Your brand no doubt has a presence on various social channels, so experiment with ways to tell its story through text, video, GIFs, and more.
Here at EveryoneSocial, we know we have great blog content (there’s a reason why you read this far!), but no matter how awesome our content is, we understand that not everyone is going to click a blog link we post on social media.
That’s why we give our followers a variety of ways to consume our content through social media storytelling.
For example, we may create tweet threads that highlight the main concepts of a blog.
Or our CEO will film a short video for LinkedIn to share his take on an important topic.
Keep in mind that you want to consistently communicate your brand message; however, you don’t want to post the exact same thing on every social media outlet.
As noted above, some storytelling mediums just work better on certain platforms. Plus, you want to give your audience a reason to follow you across various channels. If you post the exact same thing on Facebook as you do on LinkedIn, why would a user follow you on both?
4. Share memorable moments.
Studies show that memories connected to emotions are stronger, so take advantage of this.
Identify those moments that are particularly memorable for your brand and share those stories on social media.
“Stickiness makes your brand story memorable. Experiences that are shocking, heartwarming, relatable, or unusual help people not only remember your story, but also prompts them to share it with other people,” says documentary filmmaker Jia Wertz.
Look at the evolution of your brand and find moments that will tap into people’s emotions.
Why? Because people don’t make decisions based on data alone. Research shows that emotions are a necessary component, which is why storytelling should be an integral part of communicating your brand.
If you need ideas of what to share, dig into the inspiration behind your brand, the story of your first customer, a challenge the company faced, a time the CEO failed and what they learned from that experience, how and why your organization supports a particular cause, and more.
Not sure where to start? Interview leadership or survey employees for ideas.
5. Focus on points of change.
Our brains are hardwired to detect change, so make a post about a moment of change or set up your post to immediately capture a user’s attention by teasing the change to come like Patagonia does below.
“Good and powerful storytelling whether it’s for a book, article, a website or on social, must begin with a moment of unexpected change,” says Carolyn Rush Crouse, strategy director of branding agency Red Antler.
“I learned that from the brilliant Will Storr in his book, The Science of Storytelling. He cites beautiful examples, like E.B White’s Charlotte’s Web, which begins, ‘Where is papa going with that ax.’ We are left wanting more. In any situation where you’re given the privilege of telling or sharing your story, bring people in as quickly as you can.”
6. Understand the psychology of sharing.
Have you ever asked yourself why you chose to share a certain post to your Instagram Stories or why you felt compelled to retweet someone?
Odds are, it’s because that content tapped into one of the five reasons we share, according to a study by The New York Times Customer Insight Group:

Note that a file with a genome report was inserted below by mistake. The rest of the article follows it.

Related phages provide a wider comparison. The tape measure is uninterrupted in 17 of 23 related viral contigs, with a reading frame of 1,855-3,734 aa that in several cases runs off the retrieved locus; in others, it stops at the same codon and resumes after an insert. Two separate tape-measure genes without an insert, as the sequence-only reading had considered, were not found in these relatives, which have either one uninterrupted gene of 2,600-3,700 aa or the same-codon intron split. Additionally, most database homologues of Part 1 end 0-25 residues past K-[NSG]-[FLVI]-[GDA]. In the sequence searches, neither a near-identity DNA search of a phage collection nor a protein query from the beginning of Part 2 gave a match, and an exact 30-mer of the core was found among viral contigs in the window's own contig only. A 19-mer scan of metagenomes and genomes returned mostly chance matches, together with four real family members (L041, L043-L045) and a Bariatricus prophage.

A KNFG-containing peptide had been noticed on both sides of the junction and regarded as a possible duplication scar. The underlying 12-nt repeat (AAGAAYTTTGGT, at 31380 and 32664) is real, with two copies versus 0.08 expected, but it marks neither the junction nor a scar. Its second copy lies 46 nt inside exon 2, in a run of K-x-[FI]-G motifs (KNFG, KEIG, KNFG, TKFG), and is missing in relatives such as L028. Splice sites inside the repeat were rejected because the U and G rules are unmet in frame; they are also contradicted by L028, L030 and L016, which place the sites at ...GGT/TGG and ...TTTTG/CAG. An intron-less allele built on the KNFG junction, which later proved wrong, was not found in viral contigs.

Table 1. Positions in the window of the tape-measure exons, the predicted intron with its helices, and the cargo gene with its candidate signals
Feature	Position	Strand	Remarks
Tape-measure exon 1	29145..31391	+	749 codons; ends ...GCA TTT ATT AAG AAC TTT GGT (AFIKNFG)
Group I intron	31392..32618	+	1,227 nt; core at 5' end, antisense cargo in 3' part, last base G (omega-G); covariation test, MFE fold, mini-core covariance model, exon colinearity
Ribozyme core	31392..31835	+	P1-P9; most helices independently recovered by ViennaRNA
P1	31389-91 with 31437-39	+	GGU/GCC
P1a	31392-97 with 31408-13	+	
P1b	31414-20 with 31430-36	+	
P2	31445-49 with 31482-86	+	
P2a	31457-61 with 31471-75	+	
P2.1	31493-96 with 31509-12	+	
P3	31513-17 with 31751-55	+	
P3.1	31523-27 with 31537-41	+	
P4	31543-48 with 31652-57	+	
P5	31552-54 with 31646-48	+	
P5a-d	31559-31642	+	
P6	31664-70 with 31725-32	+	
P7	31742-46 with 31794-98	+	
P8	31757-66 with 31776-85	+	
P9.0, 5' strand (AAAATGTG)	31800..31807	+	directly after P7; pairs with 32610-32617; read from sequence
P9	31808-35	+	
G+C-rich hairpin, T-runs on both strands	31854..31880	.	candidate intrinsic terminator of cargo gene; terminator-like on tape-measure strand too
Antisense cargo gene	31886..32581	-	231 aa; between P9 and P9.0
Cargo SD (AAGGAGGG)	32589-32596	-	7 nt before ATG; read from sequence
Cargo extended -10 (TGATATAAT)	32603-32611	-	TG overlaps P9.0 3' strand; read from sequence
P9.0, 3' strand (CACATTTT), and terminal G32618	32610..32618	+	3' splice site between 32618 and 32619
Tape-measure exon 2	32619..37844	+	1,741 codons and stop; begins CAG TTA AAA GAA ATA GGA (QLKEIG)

- To bring value and entertainment to others
- To define ourselves to others
- To grow and nourish our relationships
- To fulfill ourselves
- To get the word out about causes or brands
When you craft a social media post, ask yourself if the content could accomplish one or more of these. If not, rethink your strategy.
7. Humanize your brand.
Yes, you’re engaging in social media storytelling on behalf of a brand, but people are interested in stories about people and making connections with them, so keep this in mind.
“With every social media post, consider a way to humanize what you’re sharing,” says Desiree Tizon, EveryoneSocial’s senior social media manager.
“Instead of a stock photo, do you have an image of an employee to use instead?,” she says. “Rather than sharing a link to a job post, can a hiring manager share a video of what they’re looking for in the role? Each employee at your company has a story to tell, sometimes they just need a bit of encouragement to participate.”
8. Feature customers and employees.
On that same note, it’s important to give employees and customers the opportunity to advocate for your brand. After all, they’re part of your story.
Do this by featuring customer stories, such as in the example below, highlighting employees, and even resharing content from users and employees on your social media channels.
User-generated content and employee-generated content are essential to social media storytelling.
After all, 92% of consumers trust online content from friends, colleagues, and family above all other forms of brand messages. Plus, 79% of people say this kind of content highly influences their purchasing decisions.
There’s no shortage of ways to share customer stories. You can create heartwarming video content like UPS does to showcase its customers.
Or you can follow Glossier’s example and make sharing customer-created content a key part of your social media storytelling.
The beauty brand relies on customer-submitted imagery and aims to make “every single woman an influencer,” according to Glossier Founder Emily Weiss.
And give your audience what they want by featuring employee stories and showcasing the value your product brings to not only customers but employees themselves.
Let Employees Contribute to Social Media Storytelling
Your people should be a key part of your company’s social media storytelling.
Not only do they have unique and compelling stories of their own to share, but they also have far greater reach.
In fact, their personal social channels reach a 561% bigger audience than brand channels, and their content receives eight times more engagement.
EveryoneSocial makes it easy for employees to create and share content about your brand.